Tag Archives: psvita

Rainbow Skies (PS3, PS4, PSVita)

Rainbow Skies takes everything ‘RPG’ stands for and has fun with it: weird in a good way, enjoyable in an even better way. Does the name of the game ring a bell? This tactical RPG marvel comes from the same makers as the fantasy role-playing game Rainbow Moon!

Rainbow Skies promises a colourful and vibrant world, filled to the brim with friends and foes, murky dungeons, turn-based battles, towns, shops and everything else your role-playing heart desires. And the game sure doesn’t underdeliver: characters can be leveled, equipped and customized as you see fit. With side-quests and achievements for the collectionist and for everyone who wants a lot – and we do mean a lot! – of bang for his buck.

The game starts out as almost every RPG does: a spiky-haired hero wakes up in bed. Enter Damion, recovering from one hell of a hangover. Not quite ready for his final exam as a monster tamer. The town he lives in, all up in the sky, is constantly threatened by monster attacks. Of course all hopes are on a new generation of monster tamers. However, Damion manages to botch his exam by accidentally destroying the compound the monsters are held in. While he tries to cover up his mistake with his examiner and friend Layne, things take a turn for the worse. And it doesn’t get any better as he gets tangled up between two rival super powers. His fault: he shouldn’t have gotten up since he knew that is was going to be ‘one of those days’.

This game won’t take you by the hand but isn’t one to abandon you either, as any info about the gameplay is given to you on a need-to-know basis. Which makes for a gentle learning curve with the freedom to get to know the game at your pace. Wether it’s for long gaming sessions or short gaming bursts.

As with almost all games in the genre, gameplay is divided between exploring safe towns, battling your way throughout enemy-ridden areas and tinkering with your characters. You’re probably not even surprised that battles start as soon as your character collides with a monster. Which is when the turn-based fun starts: you get to make your move, the enemy gets to make his move and once you’re close you’ll get singed by a fireball. Bummer. In retaliation you get a bit closer and make the baddie bleed. Of course, it’s only that simple during the first part of the game. Later on, you’ll need to pummel screenfilling crowds. Luckily, your sword-wielding hero is not alone in his quest. He’ll soon be joined by the archer Layne and later on by the spell slinging Ashly.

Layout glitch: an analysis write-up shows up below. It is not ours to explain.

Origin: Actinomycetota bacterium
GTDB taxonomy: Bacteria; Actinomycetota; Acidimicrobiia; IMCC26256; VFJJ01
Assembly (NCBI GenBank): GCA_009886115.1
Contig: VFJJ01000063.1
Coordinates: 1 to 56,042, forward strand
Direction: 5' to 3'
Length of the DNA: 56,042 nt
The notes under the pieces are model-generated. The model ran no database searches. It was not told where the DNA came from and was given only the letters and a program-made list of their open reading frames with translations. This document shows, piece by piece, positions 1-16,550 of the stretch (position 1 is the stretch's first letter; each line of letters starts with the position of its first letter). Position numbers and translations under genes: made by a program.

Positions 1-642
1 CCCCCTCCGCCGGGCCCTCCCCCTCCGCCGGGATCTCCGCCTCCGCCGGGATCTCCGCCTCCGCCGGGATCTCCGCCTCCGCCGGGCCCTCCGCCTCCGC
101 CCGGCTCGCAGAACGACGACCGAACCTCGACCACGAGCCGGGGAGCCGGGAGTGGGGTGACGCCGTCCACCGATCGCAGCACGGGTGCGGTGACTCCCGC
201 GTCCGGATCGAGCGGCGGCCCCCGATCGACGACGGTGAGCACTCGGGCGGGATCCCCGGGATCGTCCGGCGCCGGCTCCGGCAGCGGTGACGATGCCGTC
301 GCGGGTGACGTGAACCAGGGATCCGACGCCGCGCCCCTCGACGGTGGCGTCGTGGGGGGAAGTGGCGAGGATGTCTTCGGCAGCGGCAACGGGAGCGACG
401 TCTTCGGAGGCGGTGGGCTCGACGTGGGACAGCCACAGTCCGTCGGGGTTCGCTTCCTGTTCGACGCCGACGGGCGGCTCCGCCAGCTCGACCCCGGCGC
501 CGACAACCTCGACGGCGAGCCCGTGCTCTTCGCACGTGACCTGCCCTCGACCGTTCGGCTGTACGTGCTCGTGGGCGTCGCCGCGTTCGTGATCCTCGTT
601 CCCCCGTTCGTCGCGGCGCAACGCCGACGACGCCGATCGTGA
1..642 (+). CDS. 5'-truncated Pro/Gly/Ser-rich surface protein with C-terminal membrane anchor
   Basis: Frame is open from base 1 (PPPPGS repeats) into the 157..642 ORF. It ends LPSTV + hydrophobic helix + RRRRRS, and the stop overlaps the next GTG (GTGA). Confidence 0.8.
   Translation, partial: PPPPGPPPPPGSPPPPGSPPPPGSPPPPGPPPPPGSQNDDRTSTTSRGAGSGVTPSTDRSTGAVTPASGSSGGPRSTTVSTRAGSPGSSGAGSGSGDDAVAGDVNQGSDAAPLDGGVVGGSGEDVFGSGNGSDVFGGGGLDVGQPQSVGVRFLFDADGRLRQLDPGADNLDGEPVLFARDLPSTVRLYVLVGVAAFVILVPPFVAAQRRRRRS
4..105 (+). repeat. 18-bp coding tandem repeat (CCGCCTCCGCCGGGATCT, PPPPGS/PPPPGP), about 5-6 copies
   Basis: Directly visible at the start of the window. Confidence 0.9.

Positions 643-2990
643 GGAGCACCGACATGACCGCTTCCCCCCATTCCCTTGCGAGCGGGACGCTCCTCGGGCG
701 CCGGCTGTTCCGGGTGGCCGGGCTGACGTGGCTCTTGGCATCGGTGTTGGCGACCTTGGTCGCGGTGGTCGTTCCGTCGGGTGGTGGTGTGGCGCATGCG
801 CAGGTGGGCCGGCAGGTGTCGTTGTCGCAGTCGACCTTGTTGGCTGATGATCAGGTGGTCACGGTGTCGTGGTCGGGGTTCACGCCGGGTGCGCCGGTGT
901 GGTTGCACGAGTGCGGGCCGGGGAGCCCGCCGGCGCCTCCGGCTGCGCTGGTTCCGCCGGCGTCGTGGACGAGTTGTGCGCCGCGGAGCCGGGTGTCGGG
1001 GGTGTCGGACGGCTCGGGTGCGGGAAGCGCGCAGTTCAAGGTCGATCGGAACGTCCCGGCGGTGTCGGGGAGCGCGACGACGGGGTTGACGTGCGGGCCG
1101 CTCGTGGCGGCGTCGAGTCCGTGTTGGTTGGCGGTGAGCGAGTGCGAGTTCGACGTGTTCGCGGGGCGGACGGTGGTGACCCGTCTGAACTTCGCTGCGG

As a tactical RPG, Rainbow Skies heavily depends on your thinking cap. Heck, you’ll even see those caps during the short and sweet tutorials (which, by the way, can be consulted again afterwards). After the first few fights you won’t survive by just hacking, slashing and burning your way through hordes of enemies. Especially not during boss fights. You’ll need to plan ahead and make smart use of your skills and magic prowess. Not too much use, mind you, as they’ll drain some sort of magic meter. Which, of course, is much better than having your life meter drained. Once a skilled is learned, it can be leveled up by using it during battle. And, oh, did we say they are rather flashy and nifty to look at?

Battles never bore aseach enemy has its own tactic and you often see them in lots of combinations and formations. Stay on your toes lest the enemy tramples them! Speaking of which… The difficulty curve is rather gentle but can be easily adapted to the likings of the experienced gamer. Don’t feel like level grinding? Then don’t. Really! Just customize the game to your liking, whether you’re rushing through the story mission, getting your kicks out of the many side quests or burning through your health recovery potions on the highest difficulty setting.

Rainbow Skies gets big points on running gags. Especially the one on Damion’s spiky hairdo. But the game shows its true colours during hectic battles and even more so with its many side quests. Collectionists will be happy to know that progress and achievements are easily tracked. Heck, there are even awards depending on how many side quests and achievements you completed. The optional content won’t leave you asking for more. There even is a turn-based fishing game. Yes, you read it: turn-based fishing game! Really!